The team consists of Jim Belt, King White, Eric Majewicz, and myself, all members of the Raleigh Downtown Living Advocates. For over a year now, the team has been talking about a high-tech solution in order to address growing concerns about parking in downtown. We quickly found out, through the North Hills experience, that our solution had an application elsewhere.

It is our hope to use the experience to bring the same high-tech solution to downtown Raleigh in the near future.

The North Hills app is available for download in the Google Play Store and Apple Store.

Read more about it on the official page on the DLA site.




Parking Decks and The Warehouse District

Citrix parking deck under construction

At the corner of Morgan and West Streets, the parking deck for the new Citrix offices has been rising for the past few months. The warehouse renovation into offices next door has pretty much taken shape, creating four floors for downtown’s newest, major tenant.

Any old parking deck that’s being built is usually not an interesting thing to most but this specific one has something here. It may be the elevation or the relative buildings around it but this deck just seems ominous and big.

There’s a small story here and I’m putting the pieces together each time I walk by the Citrix site. What happens when the next Citrix comes into town? Will more of these decks continue to be built?

If you look deeper behind this parking deck, you may get a glimpse into the future path that the warehouse district is on.

The Upcoming Citrix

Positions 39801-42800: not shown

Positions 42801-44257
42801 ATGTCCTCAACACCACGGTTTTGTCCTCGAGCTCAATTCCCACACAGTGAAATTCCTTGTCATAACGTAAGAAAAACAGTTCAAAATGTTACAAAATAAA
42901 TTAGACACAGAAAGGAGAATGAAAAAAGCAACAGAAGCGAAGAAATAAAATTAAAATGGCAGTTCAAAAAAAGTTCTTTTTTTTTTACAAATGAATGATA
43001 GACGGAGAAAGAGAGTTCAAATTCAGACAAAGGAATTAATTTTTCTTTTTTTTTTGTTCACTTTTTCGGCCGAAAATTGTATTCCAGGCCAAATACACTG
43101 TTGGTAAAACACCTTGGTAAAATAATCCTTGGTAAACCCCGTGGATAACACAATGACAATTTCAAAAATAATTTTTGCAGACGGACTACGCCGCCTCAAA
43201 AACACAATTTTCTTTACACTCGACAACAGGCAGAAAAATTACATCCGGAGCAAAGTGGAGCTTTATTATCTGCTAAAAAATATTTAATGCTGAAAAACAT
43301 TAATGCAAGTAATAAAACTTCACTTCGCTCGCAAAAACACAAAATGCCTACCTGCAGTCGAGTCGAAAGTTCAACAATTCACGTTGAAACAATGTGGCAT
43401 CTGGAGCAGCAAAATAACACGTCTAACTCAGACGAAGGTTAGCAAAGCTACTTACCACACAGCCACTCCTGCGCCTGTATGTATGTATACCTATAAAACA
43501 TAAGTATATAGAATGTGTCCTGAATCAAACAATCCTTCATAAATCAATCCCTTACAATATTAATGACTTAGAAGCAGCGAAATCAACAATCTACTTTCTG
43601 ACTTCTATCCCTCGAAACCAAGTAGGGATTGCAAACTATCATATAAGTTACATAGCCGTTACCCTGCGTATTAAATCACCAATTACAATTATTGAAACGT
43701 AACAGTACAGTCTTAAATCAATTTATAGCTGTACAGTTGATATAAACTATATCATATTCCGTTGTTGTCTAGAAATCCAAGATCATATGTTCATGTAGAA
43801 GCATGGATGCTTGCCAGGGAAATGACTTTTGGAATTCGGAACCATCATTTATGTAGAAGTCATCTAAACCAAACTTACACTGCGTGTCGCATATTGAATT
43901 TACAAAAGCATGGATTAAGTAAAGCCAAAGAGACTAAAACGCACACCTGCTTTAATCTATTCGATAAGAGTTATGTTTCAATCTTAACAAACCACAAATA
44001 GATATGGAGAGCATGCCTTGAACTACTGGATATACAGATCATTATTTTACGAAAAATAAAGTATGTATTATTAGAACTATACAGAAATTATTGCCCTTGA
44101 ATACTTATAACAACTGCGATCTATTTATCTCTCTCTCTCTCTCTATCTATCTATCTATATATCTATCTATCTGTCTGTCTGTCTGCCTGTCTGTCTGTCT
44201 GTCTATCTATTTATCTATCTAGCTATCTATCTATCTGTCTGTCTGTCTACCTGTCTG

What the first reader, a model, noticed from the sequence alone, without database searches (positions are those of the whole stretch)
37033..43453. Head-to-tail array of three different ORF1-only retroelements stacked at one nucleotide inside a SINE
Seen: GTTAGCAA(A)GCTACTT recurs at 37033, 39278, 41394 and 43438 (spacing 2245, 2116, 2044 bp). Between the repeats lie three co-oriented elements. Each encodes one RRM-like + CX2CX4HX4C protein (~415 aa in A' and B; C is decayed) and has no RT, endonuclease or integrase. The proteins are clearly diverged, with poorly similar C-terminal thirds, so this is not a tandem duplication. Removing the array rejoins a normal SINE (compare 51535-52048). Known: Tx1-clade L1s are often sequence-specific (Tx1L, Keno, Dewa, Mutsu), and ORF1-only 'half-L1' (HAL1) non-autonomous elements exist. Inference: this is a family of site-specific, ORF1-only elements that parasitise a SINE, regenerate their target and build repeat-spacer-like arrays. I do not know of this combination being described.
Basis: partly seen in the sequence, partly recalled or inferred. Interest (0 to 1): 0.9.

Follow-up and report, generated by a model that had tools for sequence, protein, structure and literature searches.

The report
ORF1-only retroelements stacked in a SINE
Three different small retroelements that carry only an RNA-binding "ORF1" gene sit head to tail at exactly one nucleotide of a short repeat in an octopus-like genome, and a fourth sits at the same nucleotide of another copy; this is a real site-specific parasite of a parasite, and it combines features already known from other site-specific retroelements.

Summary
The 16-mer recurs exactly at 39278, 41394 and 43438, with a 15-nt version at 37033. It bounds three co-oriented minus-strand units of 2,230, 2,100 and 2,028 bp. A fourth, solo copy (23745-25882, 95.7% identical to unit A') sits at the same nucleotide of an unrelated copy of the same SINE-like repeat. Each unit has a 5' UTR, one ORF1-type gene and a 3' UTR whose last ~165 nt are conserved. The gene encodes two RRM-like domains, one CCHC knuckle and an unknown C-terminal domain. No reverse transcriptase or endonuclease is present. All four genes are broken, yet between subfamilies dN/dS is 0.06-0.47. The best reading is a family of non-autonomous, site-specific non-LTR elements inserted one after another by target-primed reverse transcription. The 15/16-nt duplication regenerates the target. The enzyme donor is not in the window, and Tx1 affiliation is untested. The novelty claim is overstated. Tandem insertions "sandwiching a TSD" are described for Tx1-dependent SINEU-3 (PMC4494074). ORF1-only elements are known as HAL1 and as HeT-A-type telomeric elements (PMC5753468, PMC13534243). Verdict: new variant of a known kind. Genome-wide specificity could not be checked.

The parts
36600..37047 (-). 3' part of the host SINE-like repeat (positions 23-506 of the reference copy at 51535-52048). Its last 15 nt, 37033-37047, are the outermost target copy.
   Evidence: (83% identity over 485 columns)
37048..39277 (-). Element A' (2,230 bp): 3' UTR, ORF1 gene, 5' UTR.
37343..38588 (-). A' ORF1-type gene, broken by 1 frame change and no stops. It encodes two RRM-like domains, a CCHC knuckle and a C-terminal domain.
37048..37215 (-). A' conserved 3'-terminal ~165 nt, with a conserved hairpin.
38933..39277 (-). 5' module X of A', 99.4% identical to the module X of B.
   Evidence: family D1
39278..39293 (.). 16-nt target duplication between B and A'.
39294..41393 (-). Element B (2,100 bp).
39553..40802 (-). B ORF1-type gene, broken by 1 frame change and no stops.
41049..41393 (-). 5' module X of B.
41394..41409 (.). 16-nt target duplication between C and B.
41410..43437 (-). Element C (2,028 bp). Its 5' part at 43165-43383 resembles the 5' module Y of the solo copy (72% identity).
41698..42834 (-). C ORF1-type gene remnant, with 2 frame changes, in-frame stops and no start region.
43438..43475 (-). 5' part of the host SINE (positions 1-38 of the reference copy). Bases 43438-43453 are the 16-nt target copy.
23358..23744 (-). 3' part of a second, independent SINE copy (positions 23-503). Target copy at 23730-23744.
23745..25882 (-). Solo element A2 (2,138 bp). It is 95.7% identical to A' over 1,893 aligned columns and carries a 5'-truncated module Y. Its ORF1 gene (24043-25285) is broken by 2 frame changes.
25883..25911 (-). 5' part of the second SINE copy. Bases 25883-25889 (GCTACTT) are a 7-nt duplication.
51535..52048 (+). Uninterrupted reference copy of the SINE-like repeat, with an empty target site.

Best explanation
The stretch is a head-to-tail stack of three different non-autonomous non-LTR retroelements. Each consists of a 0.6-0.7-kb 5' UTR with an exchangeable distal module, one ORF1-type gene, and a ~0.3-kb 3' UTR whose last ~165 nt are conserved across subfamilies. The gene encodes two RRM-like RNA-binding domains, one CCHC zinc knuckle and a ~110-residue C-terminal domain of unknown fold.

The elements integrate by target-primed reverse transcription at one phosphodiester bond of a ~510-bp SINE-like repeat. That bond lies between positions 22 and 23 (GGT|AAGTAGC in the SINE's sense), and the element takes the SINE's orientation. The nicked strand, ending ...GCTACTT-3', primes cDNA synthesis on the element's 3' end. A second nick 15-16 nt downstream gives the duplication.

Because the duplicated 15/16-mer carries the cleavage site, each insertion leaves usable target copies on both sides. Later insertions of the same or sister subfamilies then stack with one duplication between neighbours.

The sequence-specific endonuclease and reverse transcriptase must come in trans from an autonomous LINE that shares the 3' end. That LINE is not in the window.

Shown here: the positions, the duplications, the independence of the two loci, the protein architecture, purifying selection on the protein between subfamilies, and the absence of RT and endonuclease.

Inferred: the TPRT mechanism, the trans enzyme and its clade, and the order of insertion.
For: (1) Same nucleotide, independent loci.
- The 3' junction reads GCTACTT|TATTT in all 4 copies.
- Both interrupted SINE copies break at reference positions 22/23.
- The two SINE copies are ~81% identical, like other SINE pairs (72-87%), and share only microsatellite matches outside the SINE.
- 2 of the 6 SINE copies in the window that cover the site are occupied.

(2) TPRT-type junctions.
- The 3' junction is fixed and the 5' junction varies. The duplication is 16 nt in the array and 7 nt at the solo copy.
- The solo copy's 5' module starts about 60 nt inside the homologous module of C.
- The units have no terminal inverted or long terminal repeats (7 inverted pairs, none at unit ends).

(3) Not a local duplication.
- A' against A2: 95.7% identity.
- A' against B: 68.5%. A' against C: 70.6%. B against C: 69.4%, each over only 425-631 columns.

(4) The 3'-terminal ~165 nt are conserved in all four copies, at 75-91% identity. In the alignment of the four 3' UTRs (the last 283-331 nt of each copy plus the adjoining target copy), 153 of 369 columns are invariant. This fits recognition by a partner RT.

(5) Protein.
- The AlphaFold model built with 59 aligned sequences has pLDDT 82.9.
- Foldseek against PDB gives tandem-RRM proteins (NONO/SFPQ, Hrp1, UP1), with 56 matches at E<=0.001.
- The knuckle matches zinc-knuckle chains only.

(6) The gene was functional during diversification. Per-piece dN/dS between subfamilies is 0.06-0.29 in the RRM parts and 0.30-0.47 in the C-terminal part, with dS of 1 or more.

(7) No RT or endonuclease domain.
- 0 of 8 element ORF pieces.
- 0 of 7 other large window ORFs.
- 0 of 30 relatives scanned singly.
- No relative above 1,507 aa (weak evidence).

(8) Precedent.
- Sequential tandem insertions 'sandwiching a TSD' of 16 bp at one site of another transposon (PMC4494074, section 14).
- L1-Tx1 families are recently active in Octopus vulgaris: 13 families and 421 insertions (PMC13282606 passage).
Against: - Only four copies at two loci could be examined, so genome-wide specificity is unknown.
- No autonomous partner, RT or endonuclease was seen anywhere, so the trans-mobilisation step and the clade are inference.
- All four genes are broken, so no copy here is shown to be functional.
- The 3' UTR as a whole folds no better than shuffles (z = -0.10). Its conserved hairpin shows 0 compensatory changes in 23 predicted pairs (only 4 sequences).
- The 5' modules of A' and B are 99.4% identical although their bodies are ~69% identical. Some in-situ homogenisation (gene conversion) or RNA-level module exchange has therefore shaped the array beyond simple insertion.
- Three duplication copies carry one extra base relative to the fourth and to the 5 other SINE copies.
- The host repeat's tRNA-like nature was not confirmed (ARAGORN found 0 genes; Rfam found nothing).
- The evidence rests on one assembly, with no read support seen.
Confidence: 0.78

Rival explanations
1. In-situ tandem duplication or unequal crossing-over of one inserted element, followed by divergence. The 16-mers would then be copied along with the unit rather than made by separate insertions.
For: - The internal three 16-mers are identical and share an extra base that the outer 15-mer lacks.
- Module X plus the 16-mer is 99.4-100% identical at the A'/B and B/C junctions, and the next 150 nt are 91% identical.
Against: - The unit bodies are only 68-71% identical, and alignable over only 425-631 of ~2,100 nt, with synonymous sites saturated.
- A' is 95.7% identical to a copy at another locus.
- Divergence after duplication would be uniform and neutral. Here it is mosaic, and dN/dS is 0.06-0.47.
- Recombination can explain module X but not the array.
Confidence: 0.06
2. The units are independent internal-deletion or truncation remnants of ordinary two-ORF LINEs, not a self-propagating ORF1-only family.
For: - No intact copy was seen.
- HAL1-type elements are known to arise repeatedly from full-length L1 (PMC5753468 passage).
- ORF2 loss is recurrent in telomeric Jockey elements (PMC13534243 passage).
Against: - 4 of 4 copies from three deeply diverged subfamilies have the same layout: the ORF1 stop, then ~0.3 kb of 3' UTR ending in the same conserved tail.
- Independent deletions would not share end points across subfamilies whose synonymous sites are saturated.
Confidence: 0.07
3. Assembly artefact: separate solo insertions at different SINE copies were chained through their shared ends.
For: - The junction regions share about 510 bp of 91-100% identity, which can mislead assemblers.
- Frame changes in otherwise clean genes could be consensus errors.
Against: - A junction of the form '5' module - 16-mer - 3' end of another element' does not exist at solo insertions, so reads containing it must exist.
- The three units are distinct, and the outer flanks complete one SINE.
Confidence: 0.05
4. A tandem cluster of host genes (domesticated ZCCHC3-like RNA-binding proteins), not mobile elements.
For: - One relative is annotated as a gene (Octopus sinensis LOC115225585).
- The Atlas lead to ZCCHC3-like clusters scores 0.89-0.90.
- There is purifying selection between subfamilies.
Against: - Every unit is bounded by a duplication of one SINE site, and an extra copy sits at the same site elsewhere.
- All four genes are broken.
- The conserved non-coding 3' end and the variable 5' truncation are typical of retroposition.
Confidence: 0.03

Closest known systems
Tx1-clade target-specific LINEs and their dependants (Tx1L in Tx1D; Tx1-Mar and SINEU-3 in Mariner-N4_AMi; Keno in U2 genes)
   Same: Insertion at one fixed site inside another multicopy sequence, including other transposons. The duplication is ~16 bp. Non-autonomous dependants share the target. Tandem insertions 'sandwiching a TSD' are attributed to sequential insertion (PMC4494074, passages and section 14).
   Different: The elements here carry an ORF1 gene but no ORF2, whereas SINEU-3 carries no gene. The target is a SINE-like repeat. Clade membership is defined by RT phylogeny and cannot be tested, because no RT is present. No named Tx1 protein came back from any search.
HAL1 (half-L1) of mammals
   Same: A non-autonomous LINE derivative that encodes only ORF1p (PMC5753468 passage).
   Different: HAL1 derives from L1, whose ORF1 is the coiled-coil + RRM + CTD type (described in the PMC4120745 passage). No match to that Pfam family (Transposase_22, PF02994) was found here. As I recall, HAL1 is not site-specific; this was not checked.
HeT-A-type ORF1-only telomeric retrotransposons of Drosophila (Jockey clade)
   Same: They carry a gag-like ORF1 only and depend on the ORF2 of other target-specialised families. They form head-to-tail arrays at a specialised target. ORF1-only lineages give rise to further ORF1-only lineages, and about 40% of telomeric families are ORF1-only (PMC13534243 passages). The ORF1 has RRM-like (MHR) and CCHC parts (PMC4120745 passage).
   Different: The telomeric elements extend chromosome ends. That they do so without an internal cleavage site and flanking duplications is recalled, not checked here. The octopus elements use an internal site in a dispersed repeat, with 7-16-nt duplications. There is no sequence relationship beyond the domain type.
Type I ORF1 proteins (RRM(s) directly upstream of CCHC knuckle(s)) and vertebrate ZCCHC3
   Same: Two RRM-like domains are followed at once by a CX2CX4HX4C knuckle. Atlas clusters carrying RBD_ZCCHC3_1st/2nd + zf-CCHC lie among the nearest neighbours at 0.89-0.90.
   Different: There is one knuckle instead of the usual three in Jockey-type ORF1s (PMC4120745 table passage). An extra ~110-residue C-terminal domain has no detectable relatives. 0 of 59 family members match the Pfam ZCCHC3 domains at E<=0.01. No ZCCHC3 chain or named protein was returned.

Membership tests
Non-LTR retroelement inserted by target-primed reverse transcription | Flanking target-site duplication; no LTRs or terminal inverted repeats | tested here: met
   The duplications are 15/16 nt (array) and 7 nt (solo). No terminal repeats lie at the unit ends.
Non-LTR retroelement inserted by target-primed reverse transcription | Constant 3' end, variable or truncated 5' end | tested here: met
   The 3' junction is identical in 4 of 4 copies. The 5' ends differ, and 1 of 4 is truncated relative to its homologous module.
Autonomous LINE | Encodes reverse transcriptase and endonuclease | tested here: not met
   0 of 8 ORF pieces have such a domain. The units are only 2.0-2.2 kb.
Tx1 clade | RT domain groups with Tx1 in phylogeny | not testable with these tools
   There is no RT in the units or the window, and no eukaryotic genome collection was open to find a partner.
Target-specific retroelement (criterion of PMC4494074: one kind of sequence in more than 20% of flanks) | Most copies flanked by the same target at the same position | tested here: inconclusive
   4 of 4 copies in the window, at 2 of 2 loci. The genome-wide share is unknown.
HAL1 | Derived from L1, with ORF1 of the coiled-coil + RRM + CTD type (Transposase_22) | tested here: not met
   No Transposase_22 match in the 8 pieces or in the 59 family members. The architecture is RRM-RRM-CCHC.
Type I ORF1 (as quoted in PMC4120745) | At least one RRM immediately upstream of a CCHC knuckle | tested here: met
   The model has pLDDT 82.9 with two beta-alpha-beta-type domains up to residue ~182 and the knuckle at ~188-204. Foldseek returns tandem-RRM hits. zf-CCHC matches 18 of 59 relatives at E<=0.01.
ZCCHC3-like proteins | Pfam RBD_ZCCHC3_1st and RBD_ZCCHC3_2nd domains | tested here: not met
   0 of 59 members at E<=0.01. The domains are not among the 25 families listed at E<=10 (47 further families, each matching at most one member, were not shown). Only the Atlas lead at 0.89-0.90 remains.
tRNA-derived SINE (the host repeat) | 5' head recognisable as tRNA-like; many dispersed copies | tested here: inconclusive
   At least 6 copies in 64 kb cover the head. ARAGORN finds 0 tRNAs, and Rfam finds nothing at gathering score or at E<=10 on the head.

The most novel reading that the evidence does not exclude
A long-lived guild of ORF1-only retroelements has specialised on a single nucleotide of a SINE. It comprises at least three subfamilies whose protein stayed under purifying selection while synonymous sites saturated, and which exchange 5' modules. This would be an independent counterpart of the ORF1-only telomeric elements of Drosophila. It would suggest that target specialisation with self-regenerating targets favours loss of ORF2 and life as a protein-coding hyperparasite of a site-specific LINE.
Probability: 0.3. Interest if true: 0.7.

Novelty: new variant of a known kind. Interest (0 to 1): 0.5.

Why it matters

Let’s start off by taking the focus off Citrix itself. In an interview with the N&O, Jesse Lipson, starter of ShareFile, now owned by Citrix, tells reporter Bruce Siceloff that they will have about 500 employees when they move into the building in 2014. What is not mentioned is that the parking deck will be built for about 400 cars, something you need to dive into the planning commission meetings to find out.

Citrix should be applauded for providing less car parking than employees. Their company culture encourages alternative transit and the downtown office should bump up the number of those types of commuters. They are also a web-based company and teleworking is a common practice. They are at or near the minimum number of spaces needed according to city code.

Less is More

While this behavior for our downtown sounds good, it could have been even better.

After the start of construction of its downtown site around January 2013, Citrix wanted to expand even more and made plans for an additional floor in the office component. This lead to a conversation during a certain May 28, 2013 planning commission meeting when Citrix applied for approval of that same expansion.

Citrix developers were applying for a 40,000 square foot expansion of office space, what was referred to as ‘Phase 2.’ In addition to approval, they also wanted an exemption to having to raise the number of new parking spaces that would have to go along with the new office space. More office space equals more needed parking, according to zoning.

Before the addition, Citrix was providing 341 spaces where city code required them to be at 325. With the office expansion, code would require them to raise that number to at least 400. Citrix wanted out of that and made an argument why in their presentation before the planning commission.